"When that earthquake hits, it's going to shake for a long time," says Corcoran. "Three to five minutes or more. You're going to feel lucky to survive. Then guess what. You rode out the quake? Congratulations. Now you have 15 minutes to get above 50 feet of elevation. Fifteen minutes. [...]"
This startling evidence made seismologists sit up and take notice. Clearly, the Cascadia subduction zone had ruptured in a megaquake in 1700, down-dropping the Northwest coast several feet in elevation and unleashing a killer tsunami.
Of course, the magic number could be 500 years, or (gulp) 244. For the past decade, Chris Goldfinger has been pulling samples from landslide zones off the Oregon coast. By interpreting the cross-sections, he found a record of 19 full-rip nines in the past 10,000 years -- a rate of about one every 500 years. He also discovered 22 CSZ quakes measuring 8.0 to 8.5. That means the CSZ has caused 41 major quakes in the past 10,000 years, or one every 244 years.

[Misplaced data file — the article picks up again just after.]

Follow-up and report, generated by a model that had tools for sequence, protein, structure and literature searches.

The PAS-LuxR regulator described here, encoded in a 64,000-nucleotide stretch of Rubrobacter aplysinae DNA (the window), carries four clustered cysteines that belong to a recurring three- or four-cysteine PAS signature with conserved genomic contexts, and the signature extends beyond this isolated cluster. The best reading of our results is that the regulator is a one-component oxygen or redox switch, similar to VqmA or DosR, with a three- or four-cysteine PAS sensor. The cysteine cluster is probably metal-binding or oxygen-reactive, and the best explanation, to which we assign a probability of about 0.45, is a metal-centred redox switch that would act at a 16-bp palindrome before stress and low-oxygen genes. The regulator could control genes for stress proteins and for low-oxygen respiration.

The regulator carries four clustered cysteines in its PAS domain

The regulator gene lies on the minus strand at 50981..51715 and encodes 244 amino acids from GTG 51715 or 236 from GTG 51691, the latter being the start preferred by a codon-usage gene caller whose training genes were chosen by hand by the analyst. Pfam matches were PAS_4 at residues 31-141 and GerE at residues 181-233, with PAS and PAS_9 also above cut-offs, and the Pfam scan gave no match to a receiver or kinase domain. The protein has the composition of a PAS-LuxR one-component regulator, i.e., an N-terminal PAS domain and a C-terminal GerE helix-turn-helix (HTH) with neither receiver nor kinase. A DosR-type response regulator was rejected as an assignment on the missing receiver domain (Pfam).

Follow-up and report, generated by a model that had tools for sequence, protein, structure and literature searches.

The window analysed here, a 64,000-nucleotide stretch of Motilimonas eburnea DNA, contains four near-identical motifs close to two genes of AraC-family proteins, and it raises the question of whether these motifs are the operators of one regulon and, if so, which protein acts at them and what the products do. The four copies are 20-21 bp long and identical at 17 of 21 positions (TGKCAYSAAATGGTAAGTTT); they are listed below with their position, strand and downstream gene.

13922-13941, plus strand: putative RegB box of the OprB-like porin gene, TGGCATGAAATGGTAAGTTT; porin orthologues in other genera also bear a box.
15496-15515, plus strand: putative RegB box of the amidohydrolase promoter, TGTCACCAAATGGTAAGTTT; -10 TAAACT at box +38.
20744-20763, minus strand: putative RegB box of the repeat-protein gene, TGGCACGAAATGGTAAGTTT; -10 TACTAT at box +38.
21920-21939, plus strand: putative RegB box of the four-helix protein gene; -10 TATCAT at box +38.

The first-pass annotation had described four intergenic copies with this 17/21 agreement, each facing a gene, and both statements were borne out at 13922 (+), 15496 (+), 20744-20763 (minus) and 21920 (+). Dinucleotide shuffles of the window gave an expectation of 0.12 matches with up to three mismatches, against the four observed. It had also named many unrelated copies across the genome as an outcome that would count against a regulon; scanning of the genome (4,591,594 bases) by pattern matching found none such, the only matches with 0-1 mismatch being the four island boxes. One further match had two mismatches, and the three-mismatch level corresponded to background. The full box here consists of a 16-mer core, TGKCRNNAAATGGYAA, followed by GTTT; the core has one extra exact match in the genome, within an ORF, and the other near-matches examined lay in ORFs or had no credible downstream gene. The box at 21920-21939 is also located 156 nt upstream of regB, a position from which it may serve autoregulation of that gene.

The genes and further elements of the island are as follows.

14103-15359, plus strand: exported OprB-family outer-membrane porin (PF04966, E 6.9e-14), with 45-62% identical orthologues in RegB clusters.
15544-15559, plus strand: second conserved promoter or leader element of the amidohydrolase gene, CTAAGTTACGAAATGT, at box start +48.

So what we have now is a 740-mile section of the world's most seismically active zone, the Ring of Fire, that has been building up elastic strain for 311 years. The North American plate, by some estimates, is now springloaded to leap more than 57 feet west and drop three to six feet in elevation at the coast.
Here's an almost-gleeful, Lucifer's Hammer-esque fictionalized narrative of what kind of quake is likely to be caused when the Cascadia Subduction Zone next slips.
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